Infused water is a healthy alternative to beverages that are high in sugar. It is as simple as adding some clean, rinsed and sliced produce and herbs to your glass or pitcher of water. There is no right or wrong way to make infused water, but these tips might enhance the flavor experience:
- Depending on the added ingredients, either slice, chop or lightly mash fruits or vegetables, and either tear or julienne fresh herb leaves.
- Although the flavored water will be served in a single-sized glass, it could be made in either a drinking glass or a larger amount in a water pitcher.
- No special kitchen equipment is needed, although there are pitchers and water bottles designed to contain the produce so those ingredients are not floating in the water when it is time to drink it.
- Infused water could be served immediately after it is mixed, but it will not have the maximum amount of flavor. It’s very nice chilled. It is recommended that the water is chilled in the refrigerator from 30 minutes to overnight for optimum flavor. Often, the longer it is chilled, the more flavor it will have.
- As in any food or beverage preparation, do not forget to wash hands with soap and water before handling the food, as well as wash all produce with clean running water. Use clean containers and sanitize preparation surfaces before starting.
- For food safety, treat the infused water as you would treat any other refrigerated food. The water can be enjoyed today, stored in the refrigerator until tomorrow or freeze it for longer storage. Do not take a batch of infused water from a previous day and add to it—go ahead and make a fresh pitcher!
- The produce used in infused water is often thrown away in the trash or down the disposal. Don’t forget, the kitchen compost is always a great option for these waterlogged ingredients.
- Please remember that to gain the most nutrition benefits from fruits and vegetables, it is recommended that you eat the produce. While infused water is a great way to stay hydrated, these will not count as your servings of fruits or vegetables for the day. The next time you are slicing Ohio produce to eat, consider adding a handful to your water pitcher. Infused water can be low-cost by using ends and pieces of produce that are not going to be used for meal preparation. Because it’s so easy to make, and there is not a right or wrong recipe to try or invent, get the entire family involved!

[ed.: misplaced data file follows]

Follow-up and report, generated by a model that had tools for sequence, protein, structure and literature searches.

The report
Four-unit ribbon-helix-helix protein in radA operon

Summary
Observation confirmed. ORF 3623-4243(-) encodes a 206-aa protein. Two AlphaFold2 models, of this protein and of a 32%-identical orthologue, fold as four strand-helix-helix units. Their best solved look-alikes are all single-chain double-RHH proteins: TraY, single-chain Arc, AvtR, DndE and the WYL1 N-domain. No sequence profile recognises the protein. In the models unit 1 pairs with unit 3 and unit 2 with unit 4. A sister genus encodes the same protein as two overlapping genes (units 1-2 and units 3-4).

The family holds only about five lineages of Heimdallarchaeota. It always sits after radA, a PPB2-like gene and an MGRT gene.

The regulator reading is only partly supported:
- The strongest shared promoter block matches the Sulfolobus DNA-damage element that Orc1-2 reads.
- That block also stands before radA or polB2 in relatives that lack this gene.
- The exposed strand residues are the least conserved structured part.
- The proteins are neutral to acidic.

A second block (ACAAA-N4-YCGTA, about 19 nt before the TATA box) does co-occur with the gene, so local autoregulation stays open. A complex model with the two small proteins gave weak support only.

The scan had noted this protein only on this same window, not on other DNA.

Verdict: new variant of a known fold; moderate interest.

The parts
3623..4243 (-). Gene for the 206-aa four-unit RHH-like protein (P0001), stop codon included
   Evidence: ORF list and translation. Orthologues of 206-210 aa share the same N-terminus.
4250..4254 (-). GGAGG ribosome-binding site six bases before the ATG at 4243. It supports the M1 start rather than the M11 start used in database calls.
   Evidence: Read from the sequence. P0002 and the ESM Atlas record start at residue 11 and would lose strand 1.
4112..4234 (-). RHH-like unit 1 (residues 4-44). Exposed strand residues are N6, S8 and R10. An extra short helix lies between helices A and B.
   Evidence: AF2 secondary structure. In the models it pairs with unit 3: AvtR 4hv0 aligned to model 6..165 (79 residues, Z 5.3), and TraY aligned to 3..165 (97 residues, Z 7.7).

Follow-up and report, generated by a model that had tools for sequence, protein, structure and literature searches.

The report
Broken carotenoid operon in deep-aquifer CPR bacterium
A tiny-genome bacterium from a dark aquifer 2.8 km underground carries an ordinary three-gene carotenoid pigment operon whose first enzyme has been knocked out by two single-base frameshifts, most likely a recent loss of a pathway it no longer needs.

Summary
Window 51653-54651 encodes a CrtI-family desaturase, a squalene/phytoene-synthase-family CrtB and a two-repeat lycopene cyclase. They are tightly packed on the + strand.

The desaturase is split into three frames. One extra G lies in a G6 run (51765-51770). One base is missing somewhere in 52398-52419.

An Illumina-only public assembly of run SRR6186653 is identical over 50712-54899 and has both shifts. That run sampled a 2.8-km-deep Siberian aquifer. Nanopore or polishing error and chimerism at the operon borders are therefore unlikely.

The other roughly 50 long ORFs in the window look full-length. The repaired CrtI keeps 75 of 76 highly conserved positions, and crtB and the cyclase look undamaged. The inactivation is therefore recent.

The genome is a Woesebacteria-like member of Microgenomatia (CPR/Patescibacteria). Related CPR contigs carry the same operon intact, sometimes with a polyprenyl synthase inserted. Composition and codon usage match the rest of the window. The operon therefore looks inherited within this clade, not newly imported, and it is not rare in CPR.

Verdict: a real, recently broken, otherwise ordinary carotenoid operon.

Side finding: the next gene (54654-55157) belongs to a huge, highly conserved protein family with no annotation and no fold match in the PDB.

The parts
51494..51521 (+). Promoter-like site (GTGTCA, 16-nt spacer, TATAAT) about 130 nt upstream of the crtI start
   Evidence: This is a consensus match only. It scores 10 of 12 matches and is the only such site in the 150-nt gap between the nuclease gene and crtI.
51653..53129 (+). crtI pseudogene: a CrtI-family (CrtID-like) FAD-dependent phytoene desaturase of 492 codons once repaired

There is nothing wrong with purchasing lemons and limes at the grocery store, but Ohioans are fortunate to have many options of flavors growing in containers, backyards, community gardens, school gardens and farms across the state.
Ohio Fruits to Flavor Water
- Berries – strawberries, raspberries, blackberries, mulberries, blueberries
- Melons – cantaloupe, honeydew, watermelon
- Apples, pears, peaches, grapes
While vegetables are not as common as fruits in infused water, it is not unusual to use cucumber. Some additional vegetables to add color and flavor include: celery, red or yellow peppers, spinach or zucchini.
From the Ohio Herb Garden
Mint is a common flavor to infuse water and there are many varieties of mint beyond the traditional peppermint and spearmint. Try pineapple mint or grapefruit mint for a tropical taste. While this list is not exhaustive, the following herbs can maximize options for water flavor combinations: basil, rosemary, sage, lavender and lemon balm.
A Sample of Local Food Combinations for Infused Water
- Strawberry melon (choose any variety of melons)
- Pear blackberry
- Pear rosemary
- Watermelon rosemary
- Peach sage
- Strawberry basil
- Match mint with any of the following: cucumber, cantaloupe, watermelon or blackberry
- Infused water. (n.d.). [Blog posts] Retrieved from
- Galdamez, I. (2014, June 12). Pass the water, please! Retrieved from msue.anr.msu.edu/news/pass_the_water_please.
- Powers-Barker, P. (2015, July 14). Do you infuse your water with Ohio local foods? [Blog post]. Retrieved from livesmartohio.osu.edu/food/powers-barker-1osu-edu/do-you-infuse-your-water-with-Ohio-local-foods.
Photos from Pixabay.com and Patrice Powers-Barker.